Retro spin: The mystery and style of Spandau Ballet


In 1983, pop audiences in the US were introduced to Spandau Ballet. The well-coiffed, well-dressed pop ensemble from London wowed Music Television viewers with their “classy” approach to contemporary music. It was on May 10, 1983 that Spandau Ballet made their way to the US Top 10 with “True.” But the band’s biggest US hit only tells part of the story of the band’s style.

The single “True” did not show everything that Spandau Ballet had to offer. Meaning, that not every Spandau Ballet song was going to be a gentle love song with just enough of a bass-y, rollicking undercurrent to keep teens swaying through prom night. Moreover, we hadn’t really seen anything like them. They weren’t the Beatles, Duran Duran, or the Police, to name a few popular bands. It is likely some audiences didn’t know how to take them.

Spandau Ballet before “True”

What most US audiences missed from Spandau Ballet was the song “To Cut a Long Story Short.” The song was released in 1980, pre-dating Music Television by one year. However, it did not pre-date video technology. Still, those videos that most Americans saw between movies on cable were likely to be mainstream, regardless of nationality.

“To Cut a Long Story Short”: what we missed

If audiences didn’t hear “To Cut a Long Story Short” before having been exposed to “True,” and its follow-up single, “Gold,” then the impression they formed of Spandau Ballet might be inaccurate.

“To Cut a Long Story Short” is a tense, but danceable song that tells a somewhat uneasy story. But what is more impressive than the lyrics is the sound of it. The synthesizer part is biting and flexible, following the lyrical line like an aggressive dog somehow trained to obey. The synth parts come in angry snips and longer, aggrieved passages to underscore and punctuate the lyrics. It is fairly in-your-face for a band that would become known for a well-behaved ballad.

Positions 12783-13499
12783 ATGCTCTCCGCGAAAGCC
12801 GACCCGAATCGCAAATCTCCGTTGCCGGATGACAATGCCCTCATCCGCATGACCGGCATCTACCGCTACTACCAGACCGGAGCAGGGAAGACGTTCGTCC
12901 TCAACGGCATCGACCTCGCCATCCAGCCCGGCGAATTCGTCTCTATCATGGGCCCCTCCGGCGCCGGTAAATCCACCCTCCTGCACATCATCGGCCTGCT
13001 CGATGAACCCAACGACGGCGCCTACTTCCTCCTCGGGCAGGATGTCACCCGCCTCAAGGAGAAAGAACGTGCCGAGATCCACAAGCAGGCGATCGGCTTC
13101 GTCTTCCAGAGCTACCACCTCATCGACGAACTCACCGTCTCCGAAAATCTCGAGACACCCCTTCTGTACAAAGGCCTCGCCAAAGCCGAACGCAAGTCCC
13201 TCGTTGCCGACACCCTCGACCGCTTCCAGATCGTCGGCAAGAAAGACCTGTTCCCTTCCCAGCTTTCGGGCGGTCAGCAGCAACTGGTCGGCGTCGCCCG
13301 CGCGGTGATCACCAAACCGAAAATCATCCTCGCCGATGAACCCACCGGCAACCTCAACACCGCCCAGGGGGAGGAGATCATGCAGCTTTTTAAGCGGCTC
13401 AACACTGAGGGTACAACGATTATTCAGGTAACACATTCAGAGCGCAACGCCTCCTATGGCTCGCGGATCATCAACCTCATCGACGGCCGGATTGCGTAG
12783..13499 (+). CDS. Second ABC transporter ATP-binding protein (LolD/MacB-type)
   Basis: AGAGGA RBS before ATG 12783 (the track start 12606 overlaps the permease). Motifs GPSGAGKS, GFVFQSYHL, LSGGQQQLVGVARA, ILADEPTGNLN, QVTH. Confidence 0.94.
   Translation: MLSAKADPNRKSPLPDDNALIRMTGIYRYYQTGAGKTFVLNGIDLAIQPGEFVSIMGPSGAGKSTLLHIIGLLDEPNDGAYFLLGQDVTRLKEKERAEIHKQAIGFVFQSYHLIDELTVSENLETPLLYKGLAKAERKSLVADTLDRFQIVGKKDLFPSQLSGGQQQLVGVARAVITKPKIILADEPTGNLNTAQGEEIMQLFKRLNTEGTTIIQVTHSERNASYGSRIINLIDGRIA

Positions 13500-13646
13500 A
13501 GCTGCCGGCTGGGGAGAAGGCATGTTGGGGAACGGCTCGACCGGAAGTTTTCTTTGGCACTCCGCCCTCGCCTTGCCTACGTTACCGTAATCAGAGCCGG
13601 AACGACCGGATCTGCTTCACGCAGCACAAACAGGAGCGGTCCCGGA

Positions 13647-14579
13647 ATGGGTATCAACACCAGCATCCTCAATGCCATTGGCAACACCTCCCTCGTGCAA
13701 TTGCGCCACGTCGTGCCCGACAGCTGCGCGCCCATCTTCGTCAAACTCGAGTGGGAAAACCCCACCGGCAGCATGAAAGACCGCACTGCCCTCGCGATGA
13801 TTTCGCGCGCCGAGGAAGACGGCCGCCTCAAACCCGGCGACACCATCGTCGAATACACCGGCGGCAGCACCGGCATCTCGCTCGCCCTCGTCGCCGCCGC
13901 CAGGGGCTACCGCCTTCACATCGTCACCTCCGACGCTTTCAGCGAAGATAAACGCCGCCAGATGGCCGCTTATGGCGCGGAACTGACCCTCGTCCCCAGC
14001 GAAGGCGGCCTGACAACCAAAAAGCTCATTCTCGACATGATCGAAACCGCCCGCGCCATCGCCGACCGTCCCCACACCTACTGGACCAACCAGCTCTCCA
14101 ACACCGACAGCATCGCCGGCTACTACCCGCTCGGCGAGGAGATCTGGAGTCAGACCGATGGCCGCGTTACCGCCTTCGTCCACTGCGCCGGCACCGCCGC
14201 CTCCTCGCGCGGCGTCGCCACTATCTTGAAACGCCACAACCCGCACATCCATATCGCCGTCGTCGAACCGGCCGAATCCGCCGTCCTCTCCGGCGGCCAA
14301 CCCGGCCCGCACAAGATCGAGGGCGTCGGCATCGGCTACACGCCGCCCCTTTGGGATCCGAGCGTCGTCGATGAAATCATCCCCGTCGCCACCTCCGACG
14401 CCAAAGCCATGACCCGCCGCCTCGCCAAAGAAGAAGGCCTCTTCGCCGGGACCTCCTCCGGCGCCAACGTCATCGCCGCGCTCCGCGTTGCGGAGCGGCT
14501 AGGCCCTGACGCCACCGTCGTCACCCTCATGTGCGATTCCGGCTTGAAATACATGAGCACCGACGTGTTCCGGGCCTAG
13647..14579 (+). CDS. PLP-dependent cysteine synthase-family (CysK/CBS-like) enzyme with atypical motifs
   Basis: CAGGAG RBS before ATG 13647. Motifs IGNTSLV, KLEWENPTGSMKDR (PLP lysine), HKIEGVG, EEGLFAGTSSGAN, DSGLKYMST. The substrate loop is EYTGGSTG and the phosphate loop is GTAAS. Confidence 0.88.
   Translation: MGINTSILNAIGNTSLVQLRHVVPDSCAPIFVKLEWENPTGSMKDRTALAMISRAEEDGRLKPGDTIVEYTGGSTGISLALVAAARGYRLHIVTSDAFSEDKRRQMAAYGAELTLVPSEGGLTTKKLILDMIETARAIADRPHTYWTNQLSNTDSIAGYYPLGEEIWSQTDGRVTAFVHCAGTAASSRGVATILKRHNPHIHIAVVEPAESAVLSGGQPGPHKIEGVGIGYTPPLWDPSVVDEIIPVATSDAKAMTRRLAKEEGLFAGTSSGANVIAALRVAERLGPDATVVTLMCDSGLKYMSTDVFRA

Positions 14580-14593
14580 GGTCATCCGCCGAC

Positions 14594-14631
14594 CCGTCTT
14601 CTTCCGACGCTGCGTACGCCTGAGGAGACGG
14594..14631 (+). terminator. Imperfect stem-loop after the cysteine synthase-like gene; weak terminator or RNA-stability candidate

“True”: what most people know of Spandau Ballet

That “True” contrasts with “To Cut a Long Story Short” does not detract from the ballad. While the instrumentation which is almost hushed, is not “bad,” the vocals stand out. Lead singer Tony Hadley shows not only a neo-crooner style, but depth and power. In this case, the “power” comes from restraint needed to not over-sing the ballad.

The backing vocals sing a light “ha-ha-ha-ha-ha’s” as Hadley performs the chorus. For its time, “True” was as pretty as a pop song could get without being completely sugary. And certainly, it was too sweet for some people’s taste.

Regardless of any criticism that “True” might have received, the song reached as high as No. 4 on US charts. In the UK, Ireland and Canada, it did reach No. 1. Conversely, “To Cut a Long Story Short” failed to make a mark on Canadian and US charts. The song became popular again after the advent of satellite radio. At which point it was played frequently on 1980s pop-oriented stations.

As for the band itself, Spandau Ballet took a hiatus that lasted from 1990 until 2009. The band has been active ever since. It will be interesting to see what they will do during this portion of their career.


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